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I am an engineer and I am trying to analyse a system which basically contains a cylindrical body free-falling through a body of static water beginning with zero velocity. I am ultimately trying to find what the velocity of the object would be at a depth of 20m. In order to do this I have a spreadsheet set-up which calculates the time derivative velocity, displacement and acceleration terms at any given time.

The basic equation from which I have derived the time dependant derivatives is as follows:

Fg-Fd-Fb = m.a (1)

Where:

Fg = Bodies 'dry' weight

Fd = Drag load

Fb = Buoyancy Force

The equation can be arrange such that:

terminal velocity, v(term) = (m/b)*g (2)

where b is the damping factor.

It is this damping factor which I am uncertain of. According to Stoke's experiments with a small sphere

b = 6*pi*mu*r (3)

where mu =dynamic viscosity

However this equation does not apply to a cylindrical body is not producing sensible answers.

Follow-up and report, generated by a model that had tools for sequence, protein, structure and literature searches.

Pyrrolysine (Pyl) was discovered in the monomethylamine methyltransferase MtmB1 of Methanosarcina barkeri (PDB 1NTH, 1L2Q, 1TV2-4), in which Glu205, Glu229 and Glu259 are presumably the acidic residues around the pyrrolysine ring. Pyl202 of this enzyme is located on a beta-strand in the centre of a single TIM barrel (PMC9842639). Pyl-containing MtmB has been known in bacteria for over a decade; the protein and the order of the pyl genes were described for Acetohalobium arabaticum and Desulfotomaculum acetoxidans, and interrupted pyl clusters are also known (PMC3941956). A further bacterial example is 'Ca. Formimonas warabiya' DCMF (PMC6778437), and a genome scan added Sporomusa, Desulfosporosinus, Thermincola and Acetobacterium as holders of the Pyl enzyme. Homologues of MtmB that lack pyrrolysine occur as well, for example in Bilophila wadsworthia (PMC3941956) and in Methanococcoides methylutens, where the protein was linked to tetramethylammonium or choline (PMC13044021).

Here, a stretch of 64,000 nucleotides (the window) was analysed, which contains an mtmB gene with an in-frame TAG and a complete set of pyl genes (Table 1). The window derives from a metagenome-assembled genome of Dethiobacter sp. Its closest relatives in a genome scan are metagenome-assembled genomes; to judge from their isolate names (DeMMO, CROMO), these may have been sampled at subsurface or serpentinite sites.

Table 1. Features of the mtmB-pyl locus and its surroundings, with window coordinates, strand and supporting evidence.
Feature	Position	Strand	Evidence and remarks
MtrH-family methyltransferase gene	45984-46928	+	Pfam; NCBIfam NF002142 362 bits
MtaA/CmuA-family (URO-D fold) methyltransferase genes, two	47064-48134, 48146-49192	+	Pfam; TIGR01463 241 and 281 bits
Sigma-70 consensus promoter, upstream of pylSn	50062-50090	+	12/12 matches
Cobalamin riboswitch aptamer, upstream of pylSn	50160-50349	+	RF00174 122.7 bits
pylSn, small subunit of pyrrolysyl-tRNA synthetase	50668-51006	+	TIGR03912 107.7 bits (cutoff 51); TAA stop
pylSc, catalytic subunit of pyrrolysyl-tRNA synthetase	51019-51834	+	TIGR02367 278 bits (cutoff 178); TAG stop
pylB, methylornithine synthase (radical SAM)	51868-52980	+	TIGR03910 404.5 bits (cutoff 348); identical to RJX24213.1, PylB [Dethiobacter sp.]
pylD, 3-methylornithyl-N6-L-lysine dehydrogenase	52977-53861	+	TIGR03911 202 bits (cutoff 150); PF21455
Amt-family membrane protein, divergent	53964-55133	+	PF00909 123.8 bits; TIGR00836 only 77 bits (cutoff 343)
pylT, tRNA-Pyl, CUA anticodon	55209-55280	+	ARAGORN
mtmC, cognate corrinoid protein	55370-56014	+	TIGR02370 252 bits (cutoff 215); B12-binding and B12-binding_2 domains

I have considered using the equation for drag forces to calculate this as folloiws:

Fd=0.5*rho*A*Cd*v^2 (4)

so that, damping factor b becomes:

b = 0.5*rho*A*Cd*v (5)

but by using this, the damping factor becomes velocity dependent and therefore varies with time. Therefore the terminal velocity (in accordance with eq. (2)) varies with time which doesn't make sense!

Has anybody done any similar analysis to this or know what the best approach is to take when solving such a problem? Any help would be greatly appreciated as this has had be stumped for a couple of days now!

Thanks in advance,

Ian :)